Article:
Another House race, another family-style super PAC.
In California's 39th District, a super PAC that has spent more than $500,000 to support Democratic businessman Jay Chen in his uphill battle against GOP Rep. Ed Royce is funded entirely by Chen's brother, the Orange County Register reports:
PAC spending is prohibited by law from being coordinated with the candidate. While voter registration records show that the brothers live two blocks away from each other in Hacienda Heights, the campaign says Jay Chen knows nothing of his brother's activities.
"We are not surprised that Jay's brother really wants to help him win," said Chen campaign spokesman Sam Liu. "We understand all of the rules and have not coordinated whatsoever with the American Shining PAC."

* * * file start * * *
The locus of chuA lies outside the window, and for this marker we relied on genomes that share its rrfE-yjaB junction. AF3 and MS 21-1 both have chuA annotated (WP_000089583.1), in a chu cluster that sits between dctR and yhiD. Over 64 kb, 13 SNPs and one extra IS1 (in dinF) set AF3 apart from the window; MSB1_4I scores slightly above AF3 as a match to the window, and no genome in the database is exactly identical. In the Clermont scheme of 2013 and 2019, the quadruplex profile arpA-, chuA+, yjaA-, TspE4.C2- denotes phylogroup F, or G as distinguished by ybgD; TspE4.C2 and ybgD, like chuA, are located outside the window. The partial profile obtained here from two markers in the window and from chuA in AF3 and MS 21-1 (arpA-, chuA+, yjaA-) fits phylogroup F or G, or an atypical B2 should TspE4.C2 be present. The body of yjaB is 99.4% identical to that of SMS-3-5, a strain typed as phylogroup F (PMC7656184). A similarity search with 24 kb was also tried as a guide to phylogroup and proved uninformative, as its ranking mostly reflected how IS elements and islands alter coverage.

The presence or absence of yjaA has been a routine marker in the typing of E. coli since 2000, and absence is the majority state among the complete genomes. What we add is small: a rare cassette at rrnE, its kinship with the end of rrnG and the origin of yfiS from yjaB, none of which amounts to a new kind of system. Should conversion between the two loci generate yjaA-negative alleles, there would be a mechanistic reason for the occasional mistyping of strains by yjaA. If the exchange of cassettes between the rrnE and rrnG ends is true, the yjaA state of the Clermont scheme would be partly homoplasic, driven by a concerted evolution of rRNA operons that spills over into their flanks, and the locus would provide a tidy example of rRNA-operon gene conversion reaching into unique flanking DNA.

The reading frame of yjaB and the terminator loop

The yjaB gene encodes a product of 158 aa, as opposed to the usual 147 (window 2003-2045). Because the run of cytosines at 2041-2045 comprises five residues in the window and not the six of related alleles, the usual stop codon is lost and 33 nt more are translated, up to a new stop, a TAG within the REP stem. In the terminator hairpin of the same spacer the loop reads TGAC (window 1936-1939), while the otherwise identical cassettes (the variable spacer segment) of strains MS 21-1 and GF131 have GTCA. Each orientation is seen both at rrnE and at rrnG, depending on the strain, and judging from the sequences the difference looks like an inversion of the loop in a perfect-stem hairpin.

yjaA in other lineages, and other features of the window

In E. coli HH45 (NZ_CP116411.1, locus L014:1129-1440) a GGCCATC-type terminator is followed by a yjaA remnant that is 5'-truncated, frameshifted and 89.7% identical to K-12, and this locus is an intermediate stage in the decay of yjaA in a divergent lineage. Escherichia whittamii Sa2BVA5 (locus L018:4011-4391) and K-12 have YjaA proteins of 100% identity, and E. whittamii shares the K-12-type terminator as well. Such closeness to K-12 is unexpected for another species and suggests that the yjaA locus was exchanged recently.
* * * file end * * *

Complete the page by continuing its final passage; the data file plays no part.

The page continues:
Baloney, says Royce consultant Dave Gilliard.
"I find it beyond the bounds of credibility that Jay Chen's brother, who lives 500 feet from him, would on his own and without any involvement from Jay, write a check for over half a million dollars to a San Francisco-based Super Pac that came out of nowhere, has only one donor and only supports one candidate - Jay Chen," Gilliard said.
The $565,000 spent so far by Shaw Chen to help his brother is more than the $513,000 Jay Chen has raised from all of his direct donors combined, although the candidate has added $126,000 of his own money to his campaign treasury.
This is just the latest House race where a super PAC funded largely by a candidate's family member (or members) has cropped up.
In North Carolina's 13th District, the American Foundations Committee, which supported Republican George Holding, was funded mainly by members of the Holding family.
In Washington's 1st District, Democratic candidate Laura Ruderman
's mom funded a super PAC
supporting her daughter during this summer's primary.
And Florida got in on the trend when GOP Rep. Allen West
's challenger Patrick Murphy began receiving support from
a super PAC funded in large part by his dad.